Dying is a Relief is a new book by Dr. Karina García Reyes based on interviews conducted with men who previously worked in various roles for criminal groups in Mexico (original title in Spanish: Morir es un Alivio, Planeta, 2021). If violence in Mexico is a topic you want to understand more about, then this book is for you. Some may wonder why it is worth reading the stories these men tell, but as Dr. García Reyes argues, and I agree, we have accepted an official narrative that speaks of “narcos” as the enemy without pausing to understand who the individuals behind the label are and why all sorts of violence are justified under the guise of ridding the country of “their kind”.
The book is rich in examples and arguments but in this space, I would like to focus on three reasons why I highly recommend this work:
• Cycles of violence. In the book Dr. García Reyes focuses on 12 cases out of the 33 she used for her academic research. What becomes apparent through the 12 life stories, complemented with evidence from the other 21 cases, is that perpetrating violence and being a victim of violence does not begin with their employment in drug trafficking organizations. In fact, most of these men grew up in contexts of significant domestic violence. As one of her participants put it “violence was learned at home, on the streets [….] with daily punches”. More importantly, they often reproduce the violence they suffered with their partners and children, and 27 out of 33 reported thinking about killing their fathers at one point during their lives. Therefore, for most of them violence is passed on generation after generation.
These stories are particularly relevant when explanations of violence are attributed to the “loss of family values” and a misplaced nostalgia for a utopic past where communities allegedly lived in a happier Mexico. What Dr. García Reyes convincingly shows is that we ought to think more carefully about the contexts that are more prone for recruitment into criminal groups and what interventions can be effective. After all, most of these men were not taught how to be violent once recruited into criminal groups but were hired precisely because they had already shown very violent behavior as members of street gangs.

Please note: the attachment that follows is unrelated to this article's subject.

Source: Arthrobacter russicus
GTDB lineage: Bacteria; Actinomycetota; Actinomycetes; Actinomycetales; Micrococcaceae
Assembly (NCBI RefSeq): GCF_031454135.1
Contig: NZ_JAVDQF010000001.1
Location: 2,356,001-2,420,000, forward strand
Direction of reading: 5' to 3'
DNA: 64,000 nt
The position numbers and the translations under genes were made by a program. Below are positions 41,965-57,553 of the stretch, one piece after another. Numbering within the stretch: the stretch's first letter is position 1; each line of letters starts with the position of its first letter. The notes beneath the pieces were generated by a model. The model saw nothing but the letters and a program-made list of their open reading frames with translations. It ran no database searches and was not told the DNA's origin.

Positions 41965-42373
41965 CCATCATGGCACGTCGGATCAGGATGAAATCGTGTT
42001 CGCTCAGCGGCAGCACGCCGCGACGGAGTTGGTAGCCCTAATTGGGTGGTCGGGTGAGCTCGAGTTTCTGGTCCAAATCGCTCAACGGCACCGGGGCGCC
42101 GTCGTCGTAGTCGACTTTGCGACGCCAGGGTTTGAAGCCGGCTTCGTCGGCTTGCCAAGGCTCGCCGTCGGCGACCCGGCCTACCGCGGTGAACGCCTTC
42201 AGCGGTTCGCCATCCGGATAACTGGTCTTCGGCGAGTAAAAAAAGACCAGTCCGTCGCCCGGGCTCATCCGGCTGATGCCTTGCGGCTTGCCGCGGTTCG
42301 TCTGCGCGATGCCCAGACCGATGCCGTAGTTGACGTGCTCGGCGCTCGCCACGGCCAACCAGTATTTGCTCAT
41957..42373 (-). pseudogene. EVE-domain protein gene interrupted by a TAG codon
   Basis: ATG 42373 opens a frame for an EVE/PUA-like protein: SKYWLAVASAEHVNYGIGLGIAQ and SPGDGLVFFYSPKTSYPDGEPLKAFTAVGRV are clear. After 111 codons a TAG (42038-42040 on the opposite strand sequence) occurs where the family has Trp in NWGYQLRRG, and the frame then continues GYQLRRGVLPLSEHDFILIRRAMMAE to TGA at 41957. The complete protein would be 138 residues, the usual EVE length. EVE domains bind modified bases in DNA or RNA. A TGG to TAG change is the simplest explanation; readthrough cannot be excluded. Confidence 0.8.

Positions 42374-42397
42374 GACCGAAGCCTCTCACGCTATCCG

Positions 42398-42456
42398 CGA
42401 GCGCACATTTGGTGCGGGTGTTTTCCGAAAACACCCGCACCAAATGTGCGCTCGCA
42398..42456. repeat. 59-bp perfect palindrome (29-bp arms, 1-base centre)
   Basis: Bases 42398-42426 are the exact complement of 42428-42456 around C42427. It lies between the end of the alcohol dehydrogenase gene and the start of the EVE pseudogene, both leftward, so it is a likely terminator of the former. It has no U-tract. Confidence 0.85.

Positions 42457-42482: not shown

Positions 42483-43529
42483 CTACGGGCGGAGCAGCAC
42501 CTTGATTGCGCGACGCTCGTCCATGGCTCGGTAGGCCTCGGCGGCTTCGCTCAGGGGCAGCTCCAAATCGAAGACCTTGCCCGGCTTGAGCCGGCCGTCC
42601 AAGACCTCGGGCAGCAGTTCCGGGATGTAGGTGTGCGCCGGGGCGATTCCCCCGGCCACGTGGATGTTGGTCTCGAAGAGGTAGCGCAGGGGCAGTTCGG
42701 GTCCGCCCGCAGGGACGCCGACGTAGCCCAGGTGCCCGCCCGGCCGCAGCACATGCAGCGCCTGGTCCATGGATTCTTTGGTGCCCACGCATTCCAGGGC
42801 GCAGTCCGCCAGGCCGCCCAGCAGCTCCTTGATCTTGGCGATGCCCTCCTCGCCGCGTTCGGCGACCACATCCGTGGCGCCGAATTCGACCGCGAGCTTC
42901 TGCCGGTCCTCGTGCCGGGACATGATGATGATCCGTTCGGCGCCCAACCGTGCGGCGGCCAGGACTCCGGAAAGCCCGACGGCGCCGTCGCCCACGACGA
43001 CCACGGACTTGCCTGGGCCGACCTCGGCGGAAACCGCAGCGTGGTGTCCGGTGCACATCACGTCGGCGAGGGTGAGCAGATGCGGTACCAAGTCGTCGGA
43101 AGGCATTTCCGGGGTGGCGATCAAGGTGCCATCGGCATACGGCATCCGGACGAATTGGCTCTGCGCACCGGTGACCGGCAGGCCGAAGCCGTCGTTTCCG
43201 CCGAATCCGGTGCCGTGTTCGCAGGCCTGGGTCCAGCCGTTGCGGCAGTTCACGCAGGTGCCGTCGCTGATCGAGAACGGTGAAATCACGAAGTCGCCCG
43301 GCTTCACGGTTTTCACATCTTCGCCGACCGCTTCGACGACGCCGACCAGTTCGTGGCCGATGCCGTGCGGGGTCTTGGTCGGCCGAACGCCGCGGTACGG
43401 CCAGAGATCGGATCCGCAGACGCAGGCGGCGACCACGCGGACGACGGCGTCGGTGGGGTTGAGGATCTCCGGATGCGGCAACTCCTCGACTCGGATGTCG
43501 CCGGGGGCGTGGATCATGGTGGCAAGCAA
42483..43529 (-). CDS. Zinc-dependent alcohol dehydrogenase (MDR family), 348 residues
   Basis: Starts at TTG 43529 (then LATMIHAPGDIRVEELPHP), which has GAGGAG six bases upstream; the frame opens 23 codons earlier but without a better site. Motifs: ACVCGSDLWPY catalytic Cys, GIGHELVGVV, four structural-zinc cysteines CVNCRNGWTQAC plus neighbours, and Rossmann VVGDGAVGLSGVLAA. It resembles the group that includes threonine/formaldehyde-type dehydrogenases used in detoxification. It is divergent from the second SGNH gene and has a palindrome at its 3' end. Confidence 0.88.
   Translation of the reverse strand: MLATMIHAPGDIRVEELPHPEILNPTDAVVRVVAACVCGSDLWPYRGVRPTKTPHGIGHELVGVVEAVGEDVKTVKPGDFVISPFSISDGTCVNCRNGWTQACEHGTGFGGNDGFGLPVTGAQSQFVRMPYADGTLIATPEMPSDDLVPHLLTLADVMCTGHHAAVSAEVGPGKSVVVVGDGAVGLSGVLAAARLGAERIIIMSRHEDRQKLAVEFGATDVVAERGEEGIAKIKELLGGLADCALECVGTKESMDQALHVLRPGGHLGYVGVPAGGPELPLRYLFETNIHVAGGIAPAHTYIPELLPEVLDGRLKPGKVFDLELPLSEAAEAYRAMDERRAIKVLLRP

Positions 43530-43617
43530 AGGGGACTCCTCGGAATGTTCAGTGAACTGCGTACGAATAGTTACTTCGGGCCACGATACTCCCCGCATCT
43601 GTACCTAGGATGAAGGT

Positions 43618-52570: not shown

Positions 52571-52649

• Prisons as schools of crime. Consistent with other research, Dr. García Reyes also finds that prisons are excellent places for individuals to develop their criminal skills. While most of the men she interviewed were already violent, those who served time in prison reported acquiring more sophisticated skills and contacts for advancing their criminal careers. To be sure, prisons were difficult and complex environments these men had to navigate given their own governing systems, however, for those who were in prisons where their criminal group also reigned supreme, their time became a graduate school of sorts where the degrees conferred were PhDs. in criminality.
In a country where punitive punishments are still (unfortunately) the preferred path, the stories of how prisons refine criminal skills should encourage us to reconsider, as a society, what do we expect and should demand of our criminal justice system. After reading this book I am persuaded that the debate should put front and center how prisons can prepare individuals for social reintegration rather than ending up blacklisted under the Kingpin Designation Act.
• Self-reflection by the author. One of the elements I appreciated most in the book is how candid Dr. García Reyes is as she walks us through the stories of these men. She shares how she felt interviewing each one of them and more importantly how through her conversations she had to question her own preconceptions which I suspect most of us can identify with. For example, Dr. García Reyes had to confront that for most of these men killing was not about perpetrating an evil act but rather being good employees in their respective criminal groups.
This is not an easy book to read—interviewees share in detail their use of violence and heartbreaking family histories—but it is a necessary one. The war on drugs is a failure, but this statement is not enough. A better Mexico requires us to challenge ourselves on what we think we know of the men and women who have been classified as the enemy.